A lesson in slow crafting

The unschooling diaries: week ten

Arthur has yet to show much of an interest in arts and crafts. When he was tiny he just couldn’t abide the mess – he’s still not super keen on getting paint on his hands. Now that he’s older he’ll dabble, but it’s still really not his ‘thing’.

I’m ok with that – mostly – even though my inner crafter is crying out for an excuse to spend afternoons surrounded by tissue paper and glitter and it really doesn’t help my fear that he’s missing out on something by not being at nursery when I see all the pictures of toddler creations fellow mums share proudly on Facebook. But when over breakfast one day last week he started getting enthusiastic about the idea of making some Easter cards I couldn’t help but get a bit excited. Not least because it meant we might finally got round to saying an extremely belated thank you for his birthday and Christmas presents…

The teacher in me leapt to the blackboard to note down his ideas (sidetracked a little by Winnie the Pooh as his most vivid understanding of Easter comes from ‘Springtime with Roo’ – I have no idea where the armour came from).

He happily settled on the idea of painted eggs though – he frequently dances around singing ‘we’re hunting eggs today!’ at the moment, and I’m very much looking forward to his very own egg hunt on Sunday. He then decided he wanted chicks in his eggs (well he said ducks, but I think that’s what he meant…) which led us very nicely to an easy to accomplish collaborative card idea. It might not be very original, but he liked it.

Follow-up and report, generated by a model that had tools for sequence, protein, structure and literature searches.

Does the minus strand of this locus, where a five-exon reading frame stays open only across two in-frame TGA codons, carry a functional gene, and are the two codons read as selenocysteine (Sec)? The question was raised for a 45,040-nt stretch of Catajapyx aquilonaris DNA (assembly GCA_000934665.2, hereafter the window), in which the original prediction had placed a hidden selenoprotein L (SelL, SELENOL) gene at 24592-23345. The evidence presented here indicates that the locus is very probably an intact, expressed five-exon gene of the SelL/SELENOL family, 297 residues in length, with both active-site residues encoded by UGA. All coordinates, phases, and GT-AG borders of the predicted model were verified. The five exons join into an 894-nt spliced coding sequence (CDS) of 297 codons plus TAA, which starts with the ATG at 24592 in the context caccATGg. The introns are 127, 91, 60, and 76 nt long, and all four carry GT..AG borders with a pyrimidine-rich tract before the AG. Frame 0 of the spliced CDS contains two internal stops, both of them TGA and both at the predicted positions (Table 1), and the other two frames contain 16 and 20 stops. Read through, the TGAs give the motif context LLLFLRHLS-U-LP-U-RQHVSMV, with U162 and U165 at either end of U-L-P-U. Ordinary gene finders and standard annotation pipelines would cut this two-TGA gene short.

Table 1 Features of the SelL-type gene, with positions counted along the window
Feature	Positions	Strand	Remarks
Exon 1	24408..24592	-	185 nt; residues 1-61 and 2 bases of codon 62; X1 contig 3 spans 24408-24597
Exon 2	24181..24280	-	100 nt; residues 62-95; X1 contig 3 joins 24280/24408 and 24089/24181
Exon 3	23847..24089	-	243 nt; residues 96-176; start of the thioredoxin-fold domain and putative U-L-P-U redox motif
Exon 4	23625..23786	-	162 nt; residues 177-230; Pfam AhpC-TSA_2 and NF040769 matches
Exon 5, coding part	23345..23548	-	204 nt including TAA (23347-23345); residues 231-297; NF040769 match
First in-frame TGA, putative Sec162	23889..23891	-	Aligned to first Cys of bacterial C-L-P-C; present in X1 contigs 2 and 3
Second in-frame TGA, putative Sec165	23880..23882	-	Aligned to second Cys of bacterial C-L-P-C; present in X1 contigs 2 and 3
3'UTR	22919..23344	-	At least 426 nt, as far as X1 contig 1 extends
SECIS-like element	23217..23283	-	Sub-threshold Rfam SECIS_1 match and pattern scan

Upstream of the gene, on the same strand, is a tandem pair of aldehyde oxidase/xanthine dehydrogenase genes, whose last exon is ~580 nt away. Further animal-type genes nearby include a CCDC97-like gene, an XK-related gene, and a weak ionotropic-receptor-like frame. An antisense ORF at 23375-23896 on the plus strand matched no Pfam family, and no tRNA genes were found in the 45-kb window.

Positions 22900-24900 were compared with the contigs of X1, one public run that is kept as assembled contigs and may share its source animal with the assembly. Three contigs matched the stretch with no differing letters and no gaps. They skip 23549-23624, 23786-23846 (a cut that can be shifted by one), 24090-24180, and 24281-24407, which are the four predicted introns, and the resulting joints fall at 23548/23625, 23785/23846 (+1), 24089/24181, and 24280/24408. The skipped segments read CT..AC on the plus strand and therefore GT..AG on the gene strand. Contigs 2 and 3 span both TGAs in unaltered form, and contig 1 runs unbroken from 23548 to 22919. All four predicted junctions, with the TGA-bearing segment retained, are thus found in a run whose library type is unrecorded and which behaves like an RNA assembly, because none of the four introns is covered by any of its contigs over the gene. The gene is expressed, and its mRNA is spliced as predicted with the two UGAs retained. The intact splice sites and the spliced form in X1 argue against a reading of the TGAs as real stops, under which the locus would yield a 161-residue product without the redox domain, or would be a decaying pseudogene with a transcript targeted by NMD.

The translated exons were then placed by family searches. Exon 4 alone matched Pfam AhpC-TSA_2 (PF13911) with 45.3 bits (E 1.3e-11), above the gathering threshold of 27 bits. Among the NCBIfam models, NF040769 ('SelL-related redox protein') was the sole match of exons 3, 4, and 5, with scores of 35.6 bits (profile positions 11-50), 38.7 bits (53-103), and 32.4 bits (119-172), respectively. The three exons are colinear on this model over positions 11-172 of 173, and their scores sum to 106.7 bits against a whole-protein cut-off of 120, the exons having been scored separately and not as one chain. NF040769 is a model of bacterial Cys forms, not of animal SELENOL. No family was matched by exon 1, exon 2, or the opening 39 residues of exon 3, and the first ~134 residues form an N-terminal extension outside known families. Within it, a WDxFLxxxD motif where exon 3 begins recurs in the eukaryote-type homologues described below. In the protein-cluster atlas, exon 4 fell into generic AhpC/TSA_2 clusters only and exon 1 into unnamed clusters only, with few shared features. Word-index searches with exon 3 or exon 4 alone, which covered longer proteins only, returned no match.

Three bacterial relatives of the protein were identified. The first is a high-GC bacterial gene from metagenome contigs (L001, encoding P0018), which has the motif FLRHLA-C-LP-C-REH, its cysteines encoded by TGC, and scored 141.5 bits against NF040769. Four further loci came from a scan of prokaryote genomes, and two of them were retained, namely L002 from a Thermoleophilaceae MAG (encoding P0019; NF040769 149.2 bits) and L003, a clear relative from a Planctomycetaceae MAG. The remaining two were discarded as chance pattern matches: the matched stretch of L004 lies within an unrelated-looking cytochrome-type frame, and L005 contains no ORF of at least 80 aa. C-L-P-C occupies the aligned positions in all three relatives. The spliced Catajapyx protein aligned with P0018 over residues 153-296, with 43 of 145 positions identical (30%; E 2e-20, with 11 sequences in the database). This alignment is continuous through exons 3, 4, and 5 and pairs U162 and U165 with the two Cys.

Having bought in some supplies (very important to have the right shades of glitter), and prepped some eggs for him to decorate, we set aside a couple of hours last weekend to make a start. And he of course lost interest within approximately three and a half minutes.

I battled with him for another two before reminding myself that that really was not the point, and calmly telling him that it was fine – we’d come back to it when he felt like it. I didn’t tidy everything away, just organised his workstation enough for it not to descend into total chaos. And sure enough the next day he gravitated towards his eggs again, did a few more minutes of gluing and glitter scattering, and moved on.

And that’s sort of been the background to this week, really. Every so often this little activity has piqued his interest again, and he’s added a little to his eggs. We’ve tried out a few different techniques along the way – stamping, mixing colours to get the shade of pink he wanted, watering paint down so he could ‘dye’ his eggs, mixing it in with glue and glitter. And every time, just as I thought he might be getting into it, he’s walked away again, his attention taken by his diggers or the urgent need for a banana.

We’re still not quite done, but we’re getting there. He’s declared that the eggs are finished at least, so there’s just a bit of cutting and sticking left. I might need to take the lead on that bit, what with it being Good Friday tomorrow and everything, but I reckon that’s ok. I can’t expect him to do all the work!


One thought on “A lesson in slow crafting

  1. Let kids be kids

    Great spot of easter crafting. I think it’s nice to come and go with art and craft and lovely he kept coming back to it without being pushed to.
    Thanks for sharing with #LetKidsBeKids

    Reply

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